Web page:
Efficient, Effective, Compact

The CCEFP brings together students and industry professionals to solve the fluid power industry's biggest dilemmas.

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Research is essential for the progression of technology and our engineering capabilities.

The Center for Compact and Efficient Fluid Power (CCEFP) was established in June of 2006 as a National Science Foundation (NSF) Engineering Research Center (ERC). Headquartered in Minneapolis at the University of Minnesota, the center connects fluid power researchers with university faculty in an effort to fill a research void that has developed in the fluid power industry.

The CCEFP is currently engaged in over 20 research projects organized into three groups with different goals. One seeks to create more efficient fluid power technologies to reduce petroleum consumption, energy use and pollution. A second focuses on finding a more effective fluid power technology that will be cleaner, quieter and safer for its users. The third will create a more compact fluid power technology to work more cohesively with the evolving equipment landscape.

Project 1A.2

One such project is 1A.2: Optimal Power Management for Mobile Fluid using Displacement-Controlled Actuators. The project is lead by Professor Monika Ivantysynova at the Maha Fluid Power Research Center at Purdue University, West Lafayette, IN.

One of Ivantysynova's graduate students, Chris Williamson says, "The focus of the project is on machines with multiple actuators that work simultaneously, such as excavators and telehandlers."

Williamson is responsible for developing the excavator controls.

"The main source of power losses on these machines is the flow control valves," says Williamson. "Even load-sensing systems have high throttling losses when multiple cylinders and motors operate at different pressure levels. Our mini-excavator simulations are showing that more than 40% of the total engine energy is wasted in valve losses during a typical trench-digging cycle.

"The solution we propose is displacement-controlled actuation, using variable displacement pumps to control the cylinders directly. This eliminates the power losses inherent to valves and allows energy recovery as the pumps can run in motoring mode."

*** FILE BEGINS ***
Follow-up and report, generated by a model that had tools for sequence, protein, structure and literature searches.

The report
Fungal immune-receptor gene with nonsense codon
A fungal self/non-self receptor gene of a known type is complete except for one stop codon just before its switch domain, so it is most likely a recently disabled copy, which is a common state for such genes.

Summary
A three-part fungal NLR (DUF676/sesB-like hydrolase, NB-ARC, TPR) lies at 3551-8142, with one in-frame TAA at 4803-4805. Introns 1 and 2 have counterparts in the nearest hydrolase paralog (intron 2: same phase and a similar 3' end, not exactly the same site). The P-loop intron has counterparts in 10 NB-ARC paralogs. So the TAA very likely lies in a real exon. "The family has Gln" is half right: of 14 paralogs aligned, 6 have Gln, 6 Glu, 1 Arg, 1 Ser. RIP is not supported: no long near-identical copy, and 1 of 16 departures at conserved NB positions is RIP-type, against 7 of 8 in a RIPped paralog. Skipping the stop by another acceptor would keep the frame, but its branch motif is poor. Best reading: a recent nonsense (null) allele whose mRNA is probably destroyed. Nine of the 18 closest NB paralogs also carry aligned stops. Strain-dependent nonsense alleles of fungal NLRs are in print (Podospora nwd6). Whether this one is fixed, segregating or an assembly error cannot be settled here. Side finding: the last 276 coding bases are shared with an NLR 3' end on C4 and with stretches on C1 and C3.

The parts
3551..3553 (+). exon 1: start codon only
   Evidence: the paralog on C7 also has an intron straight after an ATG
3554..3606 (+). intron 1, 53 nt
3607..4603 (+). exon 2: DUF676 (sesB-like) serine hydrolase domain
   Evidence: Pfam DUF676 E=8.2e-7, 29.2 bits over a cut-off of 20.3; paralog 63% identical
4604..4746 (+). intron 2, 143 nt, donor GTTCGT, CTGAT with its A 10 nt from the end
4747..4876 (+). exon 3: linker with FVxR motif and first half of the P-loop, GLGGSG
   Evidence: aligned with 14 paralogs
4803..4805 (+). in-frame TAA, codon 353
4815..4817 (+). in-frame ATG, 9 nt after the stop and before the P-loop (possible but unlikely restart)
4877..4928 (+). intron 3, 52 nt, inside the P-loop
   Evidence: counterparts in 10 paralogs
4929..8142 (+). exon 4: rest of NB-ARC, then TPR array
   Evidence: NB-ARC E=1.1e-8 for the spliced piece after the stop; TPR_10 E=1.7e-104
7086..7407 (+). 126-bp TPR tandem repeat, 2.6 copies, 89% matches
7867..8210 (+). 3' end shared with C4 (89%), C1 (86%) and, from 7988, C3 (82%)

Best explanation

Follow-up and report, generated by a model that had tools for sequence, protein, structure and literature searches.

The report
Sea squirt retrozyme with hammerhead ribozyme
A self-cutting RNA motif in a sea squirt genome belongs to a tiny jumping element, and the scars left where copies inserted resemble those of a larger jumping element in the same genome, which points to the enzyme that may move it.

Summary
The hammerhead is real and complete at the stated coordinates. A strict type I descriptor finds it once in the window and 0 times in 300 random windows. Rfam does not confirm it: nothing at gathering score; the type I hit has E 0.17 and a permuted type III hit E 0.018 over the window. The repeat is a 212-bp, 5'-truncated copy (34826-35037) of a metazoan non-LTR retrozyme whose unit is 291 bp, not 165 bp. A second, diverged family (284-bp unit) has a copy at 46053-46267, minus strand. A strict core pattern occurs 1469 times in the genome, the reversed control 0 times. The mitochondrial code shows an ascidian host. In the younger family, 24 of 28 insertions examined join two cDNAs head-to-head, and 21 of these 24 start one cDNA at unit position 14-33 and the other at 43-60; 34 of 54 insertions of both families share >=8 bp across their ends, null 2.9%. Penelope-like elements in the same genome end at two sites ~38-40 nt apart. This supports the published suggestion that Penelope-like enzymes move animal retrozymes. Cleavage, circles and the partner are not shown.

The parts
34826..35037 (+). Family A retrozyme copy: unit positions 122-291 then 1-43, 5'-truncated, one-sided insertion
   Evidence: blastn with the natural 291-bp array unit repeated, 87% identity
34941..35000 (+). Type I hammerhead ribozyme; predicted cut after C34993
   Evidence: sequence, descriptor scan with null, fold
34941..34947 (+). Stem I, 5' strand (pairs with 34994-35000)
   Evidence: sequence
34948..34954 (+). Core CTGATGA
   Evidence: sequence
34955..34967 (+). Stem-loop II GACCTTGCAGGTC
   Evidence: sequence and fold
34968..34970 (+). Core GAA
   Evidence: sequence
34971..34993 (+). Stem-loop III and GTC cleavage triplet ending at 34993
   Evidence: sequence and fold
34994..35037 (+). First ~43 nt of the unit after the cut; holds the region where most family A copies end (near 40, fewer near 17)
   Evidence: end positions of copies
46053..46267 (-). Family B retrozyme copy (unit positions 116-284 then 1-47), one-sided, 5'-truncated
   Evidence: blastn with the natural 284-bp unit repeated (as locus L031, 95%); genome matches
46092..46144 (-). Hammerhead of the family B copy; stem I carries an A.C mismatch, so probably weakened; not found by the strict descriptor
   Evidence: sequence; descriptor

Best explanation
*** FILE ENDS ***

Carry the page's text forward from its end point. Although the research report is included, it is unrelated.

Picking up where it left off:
It will also reduce overall machine fuel consumption by avoiding throttling losses and allowing energy recovery. Path optimization and effective engine management could see additional fuel savings.

Simulation testing is finding 30-45% savings in total energy (see chart below). The team is currently building a prototype and expecting to have it running by March 1 to verify these findings.

According to the CCEFP website, "The number of professors, graduate students and research projects in hydraulic and pneumatic technology is on the rise.
"If these projects are successful, there will be tremendous improvements in components, systems and fluids.

"If not, a new generation of engineers and scientists with fluid power training will revitalize academic and industrial research in this country for years to come."

Industry members benefit

"Our members are companies, not engineers," says CCEFP Director Kim Stelson, Minneapolis. Engineers of member companies can participate actively as a Project Champions.

Members have opportunities to meet the researchers and their students, and receive regular updates on the progress of the research projects. All have royalty-free licenses to non-patented discoveries and inventions.

They also have access to CCEFP student resumes online, enabling them to identify students available for internships and those approaching graduation.

"Getting trained engineers has been a huge problem in fluid power, and we're contributing to that solution," says Stelson. "Our goal is to have every mechanical engineer, and closely related disciplines such as agricultural engineering, know what fluid power is."